This week I’ve been discussing the alternative idea that the world goes through gold, silver, bronze, and iron ages corresponding to declining moral perfection. This idea derives most explicitly from Hesiod in the Works and Days, which alternative authors like Walter Cruttenden cite as their source. I thought it was worth pointing out that what Hesiod wrote bares very little resemblance to alternative authors’ presentation of it. Let’s begin by looking at Hesiod’s rather lengthy discussion in a standard translation:
There are a few points to note. First, and most importantly, although the gold, silver, and bronze races represented decay, Hesiod was quite clear that the fourth generation—the demigods—were more noble than the preceding race, and, indeed, share much with the golden race, in contradistinction to the brutal and terrible men of bronze. From the noble heroes, the iron race (ours) degenerated. Note that alternative theorists elide the heroic race of demigods because (a) they are not assigned a metal, messing up the scheme; and (b) they are not degenerate, calling into question the linear decline of humanity from gold to iron.
Second, the ancients were unclear what Hesiod meant in assigning metals to the races. Were they represented by the metals, or made from them? In myth, Talos was ascribed the role of the last of the bronze men. Some authors thought this meant he was the last giant from the Bronze Age, while others thought he was actually made of bronze, complete with rivets and markings from the lost-wax casting technique. So great was the confusion that it fell to Plato to decide that Hesiod meant it as a metaphor. In Cratylus (397e), he has Socrates say “I suppose that he [Hesiod] means by the golden men, not men literally made of gold, but good and noble; and I am convinced of this, because he further says that we are the iron race.” But if we are meant to take the ancients literally, how can we distinguish between the two competing schools, of apparently equal antiquity?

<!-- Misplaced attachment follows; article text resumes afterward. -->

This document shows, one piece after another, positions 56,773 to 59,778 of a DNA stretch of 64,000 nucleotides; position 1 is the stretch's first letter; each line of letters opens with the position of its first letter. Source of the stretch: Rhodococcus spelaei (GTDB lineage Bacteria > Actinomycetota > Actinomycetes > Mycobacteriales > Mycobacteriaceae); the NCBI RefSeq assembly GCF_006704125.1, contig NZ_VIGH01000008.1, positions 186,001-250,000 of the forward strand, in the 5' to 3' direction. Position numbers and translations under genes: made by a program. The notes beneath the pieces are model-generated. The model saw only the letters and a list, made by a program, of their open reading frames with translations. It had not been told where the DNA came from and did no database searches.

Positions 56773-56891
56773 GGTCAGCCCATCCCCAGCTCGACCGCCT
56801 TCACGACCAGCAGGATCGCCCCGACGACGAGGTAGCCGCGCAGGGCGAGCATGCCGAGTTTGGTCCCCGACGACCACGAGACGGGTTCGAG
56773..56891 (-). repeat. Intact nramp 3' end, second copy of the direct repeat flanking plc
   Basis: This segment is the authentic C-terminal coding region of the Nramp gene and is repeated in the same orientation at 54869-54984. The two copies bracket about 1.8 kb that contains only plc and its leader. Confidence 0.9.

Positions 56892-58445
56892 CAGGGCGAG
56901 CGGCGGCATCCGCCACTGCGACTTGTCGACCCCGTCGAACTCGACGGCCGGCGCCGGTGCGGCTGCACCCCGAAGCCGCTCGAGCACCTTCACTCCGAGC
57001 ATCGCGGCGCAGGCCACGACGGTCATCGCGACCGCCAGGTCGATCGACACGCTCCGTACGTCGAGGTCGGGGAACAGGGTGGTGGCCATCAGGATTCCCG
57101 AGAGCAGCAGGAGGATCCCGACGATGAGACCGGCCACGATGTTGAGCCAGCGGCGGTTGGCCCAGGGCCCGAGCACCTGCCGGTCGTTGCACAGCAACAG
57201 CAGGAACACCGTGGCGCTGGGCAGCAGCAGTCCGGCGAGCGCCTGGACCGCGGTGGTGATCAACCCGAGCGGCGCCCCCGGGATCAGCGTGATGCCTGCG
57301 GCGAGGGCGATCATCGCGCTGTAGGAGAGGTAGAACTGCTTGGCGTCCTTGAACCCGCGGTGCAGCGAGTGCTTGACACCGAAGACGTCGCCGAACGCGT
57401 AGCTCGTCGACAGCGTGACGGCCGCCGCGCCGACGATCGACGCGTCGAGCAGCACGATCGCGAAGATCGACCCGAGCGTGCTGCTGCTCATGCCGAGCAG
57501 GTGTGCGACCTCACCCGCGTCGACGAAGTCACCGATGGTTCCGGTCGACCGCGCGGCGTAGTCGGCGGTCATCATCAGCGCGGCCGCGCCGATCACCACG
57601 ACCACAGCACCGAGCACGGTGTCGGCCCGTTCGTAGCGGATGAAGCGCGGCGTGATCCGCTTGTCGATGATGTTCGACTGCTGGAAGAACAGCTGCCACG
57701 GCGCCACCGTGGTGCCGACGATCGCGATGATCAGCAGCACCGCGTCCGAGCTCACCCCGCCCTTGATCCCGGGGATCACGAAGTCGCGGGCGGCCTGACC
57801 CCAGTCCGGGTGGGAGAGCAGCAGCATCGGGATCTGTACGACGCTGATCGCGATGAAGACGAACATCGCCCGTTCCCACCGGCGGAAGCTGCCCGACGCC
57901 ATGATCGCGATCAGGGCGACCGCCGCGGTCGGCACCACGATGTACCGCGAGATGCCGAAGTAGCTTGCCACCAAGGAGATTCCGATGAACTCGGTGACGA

Note: The Bronze Age angry giants were destroyed by the Great Flood when Zeus destroyed the bronze race for its hubris. These violent giants are therefore the same as the giants, the “mighty men which were of old, men of renown” from Genesis 6:4, otherwise known as the sons of the fallen angels whose sinfulness led to Noah’s Flood. This demonstrates the Near Eastern influence on Greece during this period, which is confirmed by Hesiod’s adoption of a parallel to the Hittite succession of the gods in his Theogony.
So, in sum, Hesiod’s Ages of Man fails to support the linear decline model because one of its five ages notably improves upon those which preceded it. Instead, alternative authors unwittingly follow Ovid, who in Metamorphoses 1.89-150 gives the Ages of Man only in metals, omitting the noble heroic race. His version is much more linear in its contrast between moral decline and technological advancement. This declining version of history became widespread in the Middle Ages because it was in Latin in an age that could no longer read Greek. Dante echoes it in The Divine Comedy (Inferno 14.103-116), adapting Daniel 2:31-45, where King Nebuchadnezzar dreams of a statue: “The head of the statue was made of pure gold, its chest and arms of silver, its belly and thighs of bronze, its legs of iron, its feet partly of iron and partly of baked clay.” Daniel interprets this dream as referencing a succession of kingdoms, each stronger than the last but increasingly coarse and blunt, until God destroys them all with a kingdom of stone. A similar dream appears in Persian literature with a tree of four metals.
Scholars debate the mutual influences among Persian, Hebrew, and Greek sources, but the consensus is that the various versions are not independent developments.
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